A representative of the Convention on International Trade in Endangered Species (Cites), the UN body dedicated to fighting the global poaching crisis, told a conference in Botswana on Monday poaching still exceeds the natural rate of population growth.

Cites estimated that in 2013 more than 20,000 African elephants were killed for their ivory tusks. Last year the numbers were virtually the same. More than 60% of carcasses surveyed across the continent in 2014 died at the hands of poachers. According to Cites, anything more than 50% sends elephant numbers into decline.

The bad news comes a year after 46 countries signed the London declaration on the illegal wildlife trade. Former UK foreign secretary William Hague said the deal would “mark the turning point in the fight to save endangered species and to end the illegal wildlife trade”. But wildlife experts and the UK government said on Monday it was too early to judge the effectiveness of the accord.

A UK government spokeswoman said “significant progress” had been made since the meeting in London.
“But there is clearly no ‘quick fix’ for the complicated issues involved in the illegal wildlife trade, and the London declaration commitments were for the long term. The Kasane statement will identify possible gaps and areas that need strengthening. We are all dedicated to fighting this vicious trade,” she said.

Heather Sohl, chief adviser on species for WWF-UK, said some African governments had passed tougher anti-poaching laws and important demand reduction programmes have begun in China, the destination for much of the world’s illegal ivory.

Cites secretary general John Scanlon said the actions initiated by the London declaration needed more time to come to fruition.

“The momentum generated over the past few years is translating into deeper and stronger efforts to fight these crimes on the front line, where it is needed most – from the field, to police and customs, to illicit markets – and this enhanced frontline effort gives us confidence that if we persist with, and deepen this collective effort, we will reverse the devastating poaching trends of the past decade,” he said.

A spokesman for anti-poaching group Traffic said “incremental progress” had been made to combat poaching.

“Clearly action is being ramped up, but we will only be able to say things are getting better after we see evidence of a significant drop in poaching levels sustained over a period of years,” he said.

Scanlon said the Africa-wide numbers disguised regional successes and failures. Numbers in west Africa were at their worst since reliable record-keeping began. The smaller population of elephants in the west makes the species particularly vulnerable. In east Africa, poaching continued to decline from its peak in 2011, the continent’s worst year for elephant poaching.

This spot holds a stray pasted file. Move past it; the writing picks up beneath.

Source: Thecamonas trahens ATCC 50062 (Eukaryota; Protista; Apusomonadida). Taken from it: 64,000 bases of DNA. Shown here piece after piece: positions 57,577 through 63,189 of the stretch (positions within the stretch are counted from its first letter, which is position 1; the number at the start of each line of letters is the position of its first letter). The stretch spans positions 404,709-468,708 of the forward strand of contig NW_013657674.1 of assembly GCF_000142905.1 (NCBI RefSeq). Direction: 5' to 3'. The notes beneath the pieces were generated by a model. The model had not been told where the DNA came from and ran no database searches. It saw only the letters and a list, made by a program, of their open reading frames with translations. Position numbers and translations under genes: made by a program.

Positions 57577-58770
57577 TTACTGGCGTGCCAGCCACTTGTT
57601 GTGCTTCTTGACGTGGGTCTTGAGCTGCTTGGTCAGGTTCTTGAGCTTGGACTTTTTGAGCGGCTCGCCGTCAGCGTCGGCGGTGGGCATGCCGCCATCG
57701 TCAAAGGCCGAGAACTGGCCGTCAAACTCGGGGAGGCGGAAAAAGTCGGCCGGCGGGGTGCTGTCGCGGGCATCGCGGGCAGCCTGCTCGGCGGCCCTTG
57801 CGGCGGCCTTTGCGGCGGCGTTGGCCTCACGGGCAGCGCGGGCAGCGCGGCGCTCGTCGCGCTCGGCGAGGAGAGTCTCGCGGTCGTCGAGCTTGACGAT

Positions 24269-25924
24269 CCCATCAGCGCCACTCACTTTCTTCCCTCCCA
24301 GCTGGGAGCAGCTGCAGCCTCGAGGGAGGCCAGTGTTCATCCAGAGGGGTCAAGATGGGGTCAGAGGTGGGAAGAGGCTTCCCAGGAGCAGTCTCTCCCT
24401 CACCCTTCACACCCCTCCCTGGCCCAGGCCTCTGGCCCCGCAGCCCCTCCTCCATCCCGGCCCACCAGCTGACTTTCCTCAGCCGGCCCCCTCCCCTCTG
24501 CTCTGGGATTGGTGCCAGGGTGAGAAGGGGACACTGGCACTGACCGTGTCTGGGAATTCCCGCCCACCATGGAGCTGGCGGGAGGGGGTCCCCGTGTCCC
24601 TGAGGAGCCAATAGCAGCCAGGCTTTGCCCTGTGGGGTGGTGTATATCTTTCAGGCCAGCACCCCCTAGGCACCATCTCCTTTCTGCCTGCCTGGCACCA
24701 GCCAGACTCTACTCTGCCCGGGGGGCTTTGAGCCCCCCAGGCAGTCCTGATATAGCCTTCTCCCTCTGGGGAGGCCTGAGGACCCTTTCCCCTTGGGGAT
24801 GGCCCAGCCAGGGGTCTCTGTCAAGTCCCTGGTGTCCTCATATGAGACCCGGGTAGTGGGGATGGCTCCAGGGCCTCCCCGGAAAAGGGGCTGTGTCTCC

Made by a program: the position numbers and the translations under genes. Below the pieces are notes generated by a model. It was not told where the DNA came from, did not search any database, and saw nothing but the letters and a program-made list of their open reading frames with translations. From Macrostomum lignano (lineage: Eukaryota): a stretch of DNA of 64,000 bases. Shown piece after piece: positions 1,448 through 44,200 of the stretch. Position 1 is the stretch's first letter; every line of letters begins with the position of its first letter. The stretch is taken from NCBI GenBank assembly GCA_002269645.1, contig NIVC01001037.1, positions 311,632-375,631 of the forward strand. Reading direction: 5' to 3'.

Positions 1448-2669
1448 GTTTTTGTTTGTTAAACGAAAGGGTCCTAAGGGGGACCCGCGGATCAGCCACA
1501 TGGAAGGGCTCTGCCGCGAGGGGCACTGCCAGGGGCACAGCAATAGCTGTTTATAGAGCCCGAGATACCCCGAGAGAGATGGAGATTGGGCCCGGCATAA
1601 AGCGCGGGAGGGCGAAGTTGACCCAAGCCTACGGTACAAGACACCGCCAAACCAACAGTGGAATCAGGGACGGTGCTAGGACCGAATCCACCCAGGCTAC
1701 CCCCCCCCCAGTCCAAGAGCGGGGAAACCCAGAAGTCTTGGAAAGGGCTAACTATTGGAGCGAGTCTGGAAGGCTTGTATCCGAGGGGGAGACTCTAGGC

“African elephant populations continue to face an immediate threat to their survival from high-levels of poaching for their ivory, especially in central and west Africa where the situation appears to have deteriorated. We are however also seeing some encouraging signals in parts of east Africa where the overall poaching trends have declined, which shows us all what is possible through a sustained and collective effort,” said Scanlon.

Sohl said: “The key thing that we have to keep coming back to is that the poaching rates are greater than the natural birth rates and that means that we are seeing a decline in African elephant populations. If this continues along the current rate we certainly could see the extinction of elephants in central Africa, where the current poaching rates are twice that of the continental average. That could be seen in our lifetime, so we are in a very desperate situation that needs to be addressed effectively.”

In recent years poaching has been driven by the increasing involvement of international criminal gangs, attracted by lucrative ivory prices. Between 2013 and 2014 the price of ivory in China tripled. This has lead to thousands more elephants being killed each year.

On Wednesday countries will meet again in Botswana to report their progress in fighting the international poaching crisis for all endangered species.